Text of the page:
CHP reminds motorists to make room for cyclists

Approximately 2,700 Bay Area bicyclists injured or killed last year in motor vehicle encounters

Martinez Tribune

More than 140 bicyclists are killed in traffic collisions statewide each year, said Officer Daniel Hill, public information officer of the Golden Gate division of California Highway Patrol. He said drivers need to observe the minimum three-foot clearance when passing cyclists.

It isn’t a suggestion – it’s the law, enacted in September by the Legislature, Hill said.

More people are using bicycles as a primary form of transportation, and others ride their bicycles for exercise or sport, Hill said. But encounters with motor vehicles injured more than 13,000 cyclists last year – 2,700 in the San Francisco Bay Area alone, Hill said.

Another 21 cyclists were killed in the nine-county area.

“It is our responsibility to ensure this number does not increase, and quite frankly, it is our responsibility to do all we can to prevent vehicle versus bicycle incidents from occurring,” Hill said.

According to the new law, if a motorist can’t give a bicyclist a full three feet of clearance when passing, he or she must slow to a reasonable speed and pass only when the cyclist won’t be hurt, Hill said. “Violations of this law are considered moving violations, and will add a point to the driver’s record.”

“I’m sure cage drivers are uninformed of this,” said Eric Amundson, a master mechanic who owns Pleasant Hill Cyclery, 1100 Contra Costa Blvd., Pleasant Hill.

“The ultimate goal of all these partnerships is to reduce the number of people injured or killed … within our communities.”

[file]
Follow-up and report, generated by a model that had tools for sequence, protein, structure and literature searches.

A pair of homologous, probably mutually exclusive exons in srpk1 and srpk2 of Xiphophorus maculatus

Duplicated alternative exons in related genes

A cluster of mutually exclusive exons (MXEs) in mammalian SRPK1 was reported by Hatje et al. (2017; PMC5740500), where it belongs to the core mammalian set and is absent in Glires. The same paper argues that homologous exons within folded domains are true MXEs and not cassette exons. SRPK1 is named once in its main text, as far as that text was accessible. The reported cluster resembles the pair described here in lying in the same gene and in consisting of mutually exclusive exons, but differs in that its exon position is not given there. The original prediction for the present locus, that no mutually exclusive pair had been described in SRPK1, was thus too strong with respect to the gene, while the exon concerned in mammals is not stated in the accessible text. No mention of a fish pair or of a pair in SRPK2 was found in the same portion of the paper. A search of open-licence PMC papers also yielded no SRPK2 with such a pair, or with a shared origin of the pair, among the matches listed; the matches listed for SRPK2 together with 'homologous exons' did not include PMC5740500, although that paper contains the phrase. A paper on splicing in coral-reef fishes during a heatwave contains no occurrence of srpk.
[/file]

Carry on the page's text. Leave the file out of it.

– Daniel Hill, California Highway Patrol

Those who shop in his store or bring bicycles in for repairs have told him about drivers on Mount Diablo who were nervous about being close to a road’s edge, and interfered with bicyclists by veering into the bike lane.
But that’s not the worst he hears.

“There’s a whole bunch of cyclists. They love Livermore,” he said. Yet he hears of at least one killed every year in that city.

He is busy working, but occasionally gets to ride recreationally with an informal group that is familiar with the area’s bicycle routes.

To help inform motorists about the new law, Hill said CHP has been increasing both its education and enforcement efforts.

“We have partnered with organizations like Safe Routes to School and other bicycle coalitions across the Bay Area,” Hill said.

“Through these partnerships, we offer safety rodeos and seminars to help cyclists stay safe on the road. These events enhance a rider’s skills, provide a forum for cyclists to learn more about safe riding habits and their requirement to adhere to the rules of the road, as well as tips to stay alive and thrive on the road,” he said.

One of these programs is “Don’t Rush Safety,” offered with the help of an Alameda county supervisor, Nate Miley, that county’s schools and the Alameda Sheriff’s Department.

“This campaign focuses on safe walking, bicycling, and driving around our schools through education efforts, public safety announcements, and directed enforcement, with the ultimate goal of keeping our children and cyclists safe,” Hill said.

“We have also partnered with, a nationwide advocacy group dedicated to informing the public about bicycle safety laws across the country,” he said.

“In partnership with, (CHP) Golden Gate Division has developed warning letters that are sent to drivers seen violating the Three Foot Law and other bicycle-related laws,” he said.

Those letters aren’t meant as punishment, he said. Instead, Hill said, they’re designed to educate motorists about being safe around those on bicycles.

“The ultimate goal of all these partnerships is to reduce the number of people injured or killed while riding bicycles within our communities,” he said. “Through focused enforcement, education, and outreach efforts, we can make the Bay Area a safer place to travel for all.”

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